Over 80 % of the worlds energy demands continue to be met with fossil fuels. The environmental problems associated with this, such as global warming, are well-known. The efficient supply of energy based on renewable resources is becoming more pressing.
Hydrogen technology, which involves the production of hydrogen from biomass for use in electricity production in fuel cells, is a very promising approach. In the journal Angewandte Chemie, researchers led by Matthias Beller at the Leibniz Institute for Catalysis in Rostock (Germany) have now introduced a new catalyst that allows for the use of bioalcohols for the production of hydrogen. Their novel process proceeds efficiently under particularly mild conditions.Ethanol and other alcohols do not willingly give up their hydrogen atoms; this type of reaction requires highly active catalysts. Previous catalytic processes require downright drastic reaction conditions: temperatures above 200 °C and the presence of strong bases. The Rostock researchers thus aimed to develop a catalyst that would also work efficiently at significantly milder temperatures.
Martin Nielson, working on Beller’s team thanks to an Alexander von Humboldt scholarship, has now been successful.
The new catalyst demonstrates previously unachievable high efficiency in the extraction of hydrogen from alcohols under mild reaction conditions. Says Beller, “This is the first catalytic system that is capable of obtaining hydrogen from readily available ethanol at temperatures under 100 °C without the use of bases or other additives.”
After initial successful tests with a relatively easily converted model alcohol (isopropanol), the researchers turned their attention to ethanol, also known as the “alcohol” in alcoholic beverages. Ethanol has taken on increasing importance as a renewable resource but is significantly harder to convert. “Even with ethanol, this new catalyst system demonstrated an unusually good conversion rate under milder conditions (60–80 °C),“ says Beller. “In comparison to previous catalyst systems, this one is nearly an order of magnitude higher.”
The active catalyst consists of a ruthenium complex that is formed in situ. The starting point is a central ruthenium atom that is surrounded by a special ligand that grasps it from three sides. The other ligands are a carbon monoxide molecule and two hydrogen atoms. Upon heating, a hydrogen molecule (H2) is released from the complex. When the remaining complex comes into contact with ethanol or isopropanol it grabs two replacement hydrogen atoms, allowing the cycle to begin again.Author: Matthias Beller, Leibniz-Institut für Katalyse an der Universität Rostock (Germany), http://www.catalysis.de/Beller-Matthias.239.0.html
Angewandte Chemie International Edition 2011, 50, No. 41, 9593–9597, Permalink to the article: http://dx.doi.org/10.1002/anie.201104722
Matthias Beller | Angewandte Chemie
Atomic-level motion may drive bacteria's ability to evade immune system defenses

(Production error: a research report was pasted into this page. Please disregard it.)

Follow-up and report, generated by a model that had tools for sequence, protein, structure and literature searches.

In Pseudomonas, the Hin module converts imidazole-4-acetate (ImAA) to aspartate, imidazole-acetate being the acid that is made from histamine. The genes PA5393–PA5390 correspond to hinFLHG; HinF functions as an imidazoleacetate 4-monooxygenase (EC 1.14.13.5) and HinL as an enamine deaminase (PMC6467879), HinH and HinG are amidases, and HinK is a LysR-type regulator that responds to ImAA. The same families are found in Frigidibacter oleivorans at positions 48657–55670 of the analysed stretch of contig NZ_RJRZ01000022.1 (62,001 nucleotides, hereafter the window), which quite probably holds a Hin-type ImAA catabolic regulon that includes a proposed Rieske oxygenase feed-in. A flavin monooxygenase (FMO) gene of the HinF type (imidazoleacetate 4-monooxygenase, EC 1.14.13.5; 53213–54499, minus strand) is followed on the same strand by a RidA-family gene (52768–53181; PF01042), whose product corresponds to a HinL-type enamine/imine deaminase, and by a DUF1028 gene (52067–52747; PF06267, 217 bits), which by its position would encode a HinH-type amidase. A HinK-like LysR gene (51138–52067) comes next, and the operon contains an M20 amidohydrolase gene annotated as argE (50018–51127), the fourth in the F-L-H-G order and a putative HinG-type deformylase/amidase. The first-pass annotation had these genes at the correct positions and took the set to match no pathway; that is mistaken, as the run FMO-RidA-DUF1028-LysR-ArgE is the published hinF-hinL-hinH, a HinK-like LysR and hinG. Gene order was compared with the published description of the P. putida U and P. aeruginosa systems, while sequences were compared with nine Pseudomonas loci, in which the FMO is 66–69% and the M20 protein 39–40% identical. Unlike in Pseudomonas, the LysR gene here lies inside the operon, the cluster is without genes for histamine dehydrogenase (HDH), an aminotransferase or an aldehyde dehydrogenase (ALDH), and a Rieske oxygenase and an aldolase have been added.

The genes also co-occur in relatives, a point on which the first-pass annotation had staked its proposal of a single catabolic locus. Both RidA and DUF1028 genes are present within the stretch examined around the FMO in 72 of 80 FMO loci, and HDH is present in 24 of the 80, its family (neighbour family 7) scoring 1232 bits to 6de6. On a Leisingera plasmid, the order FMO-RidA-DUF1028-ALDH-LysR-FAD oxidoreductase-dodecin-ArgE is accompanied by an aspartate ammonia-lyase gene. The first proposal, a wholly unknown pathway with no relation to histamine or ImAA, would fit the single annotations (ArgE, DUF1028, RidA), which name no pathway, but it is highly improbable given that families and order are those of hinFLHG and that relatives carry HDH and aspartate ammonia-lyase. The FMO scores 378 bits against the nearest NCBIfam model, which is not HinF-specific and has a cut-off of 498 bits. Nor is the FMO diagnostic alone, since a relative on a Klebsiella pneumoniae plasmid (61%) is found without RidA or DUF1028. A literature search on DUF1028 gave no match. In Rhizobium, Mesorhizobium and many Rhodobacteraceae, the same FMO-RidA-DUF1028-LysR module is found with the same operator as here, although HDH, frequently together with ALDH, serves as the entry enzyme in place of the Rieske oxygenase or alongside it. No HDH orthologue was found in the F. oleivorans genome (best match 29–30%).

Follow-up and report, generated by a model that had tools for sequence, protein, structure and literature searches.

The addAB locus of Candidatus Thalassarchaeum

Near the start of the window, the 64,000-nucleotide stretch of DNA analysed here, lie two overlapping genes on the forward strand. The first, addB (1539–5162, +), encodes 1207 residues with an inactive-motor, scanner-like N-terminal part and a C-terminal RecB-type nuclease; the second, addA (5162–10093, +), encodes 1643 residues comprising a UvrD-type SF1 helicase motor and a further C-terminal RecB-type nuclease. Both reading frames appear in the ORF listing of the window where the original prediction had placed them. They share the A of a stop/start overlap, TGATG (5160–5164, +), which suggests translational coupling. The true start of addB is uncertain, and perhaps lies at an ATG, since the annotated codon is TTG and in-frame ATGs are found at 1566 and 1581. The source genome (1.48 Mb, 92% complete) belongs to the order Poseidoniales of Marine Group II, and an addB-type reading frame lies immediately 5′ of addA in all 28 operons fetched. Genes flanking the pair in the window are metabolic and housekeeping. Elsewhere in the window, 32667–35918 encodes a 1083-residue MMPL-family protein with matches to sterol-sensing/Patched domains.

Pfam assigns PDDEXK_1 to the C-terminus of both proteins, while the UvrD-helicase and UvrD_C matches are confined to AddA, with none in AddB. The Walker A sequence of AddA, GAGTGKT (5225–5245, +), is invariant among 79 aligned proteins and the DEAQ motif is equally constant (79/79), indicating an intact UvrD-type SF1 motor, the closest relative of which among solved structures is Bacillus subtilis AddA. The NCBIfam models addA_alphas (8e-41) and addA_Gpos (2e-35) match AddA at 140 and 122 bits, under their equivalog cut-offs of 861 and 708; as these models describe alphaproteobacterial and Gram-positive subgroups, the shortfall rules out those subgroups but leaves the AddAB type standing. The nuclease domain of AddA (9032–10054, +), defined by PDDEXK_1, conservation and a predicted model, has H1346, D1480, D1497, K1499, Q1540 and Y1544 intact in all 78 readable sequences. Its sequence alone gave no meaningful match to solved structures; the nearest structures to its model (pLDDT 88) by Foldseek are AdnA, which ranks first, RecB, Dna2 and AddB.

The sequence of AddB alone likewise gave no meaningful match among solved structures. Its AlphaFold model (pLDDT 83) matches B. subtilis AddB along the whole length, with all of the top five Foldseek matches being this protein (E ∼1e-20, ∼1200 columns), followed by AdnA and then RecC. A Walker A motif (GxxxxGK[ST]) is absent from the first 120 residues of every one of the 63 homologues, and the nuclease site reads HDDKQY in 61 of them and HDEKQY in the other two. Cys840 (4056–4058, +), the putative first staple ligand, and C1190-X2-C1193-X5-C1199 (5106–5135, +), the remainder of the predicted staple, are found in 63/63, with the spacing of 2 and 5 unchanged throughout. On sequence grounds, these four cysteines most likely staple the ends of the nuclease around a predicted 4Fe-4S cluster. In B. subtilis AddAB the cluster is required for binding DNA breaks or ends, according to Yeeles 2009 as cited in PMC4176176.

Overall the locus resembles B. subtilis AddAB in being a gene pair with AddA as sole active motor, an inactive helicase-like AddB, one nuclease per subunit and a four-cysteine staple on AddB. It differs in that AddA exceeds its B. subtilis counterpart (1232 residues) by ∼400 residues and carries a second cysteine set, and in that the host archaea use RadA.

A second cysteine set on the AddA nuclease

24.04.2017 | Indiana University
Two-dimensional melting of hard spheres experimentally unravelled after 60 years
24.04.2017 | University of Oxford
More and more automobile companies are focusing on body parts made of carbon fiber reinforced plastics (CFRP). However, manufacturing and repair costs must be further reduced in order to make CFRP more economical in use. Together with the Volkswagen AG and five other partners in the project HolQueSt 3D, the Laser Zentrum Hannover e.V. (LZH) has developed laser processes for the automatic trimming, drilling and repair of three-dimensional components.
Automated manufacturing processes are the basis for ultimately establishing the series production of CFRP components. In the project HolQueSt 3D, the LZH has...
Reflecting the structure of composites found in nature and the ancient world, researchers at the University of Illinois at Urbana-Champaign have synthesized thin carbon nanotube (CNT) textiles that exhibit both high electrical conductivity and a level of toughness that is about fifty times higher than copper films, currently used in electronics.
"The structural robustness of thin metal films has significant importance for the reliable operation of smart skin and flexible electronics including...
The nearby, giant radio galaxy M87 hosts a supermassive black hole (BH) and is well-known for its bright jet dominating the spectrum over ten orders of magnitude in frequency. Due to its proximity, jet prominence, and the large black hole mass, M87 is the best laboratory for investigating the formation, acceleration, and collimation of relativistic jets. A research team led by Silke Britzen from the Max Planck Institute for Radio Astronomy in Bonn, Germany, has found strong indication for turbulent processes connecting the accretion disk and the jet of that galaxy providing insights into the longstanding problem of the origin of astrophysical jets.
Supermassive black holes form some of the most enigmatic phenomena in astrophysics. Their enormous energy output is supposed to be generated by the...
The probability to find a certain number of photons inside a laser pulse usually corresponds to a classical distribution of independent events, the so-called...
Microprocessors based on atomically thin materials hold the promise of the evolution of traditional processors as well as new applications in the field of flexible electronics. Now, a TU Wien research team led by Thomas Müller has made a breakthrough in this field as part of an ongoing research project.
Two-dimensional materials, or 2D materials for short, are extremely versatile, although – or often more precisely because – they are made up of just one or a...
20.04.2017 | Event News
18.04.2017 | Event News
03.04.2017 | Event News
24.04.2017 | Physics and Astronomy
24.04.2017 | Materials Sciences
24.04.2017 | Life Sciences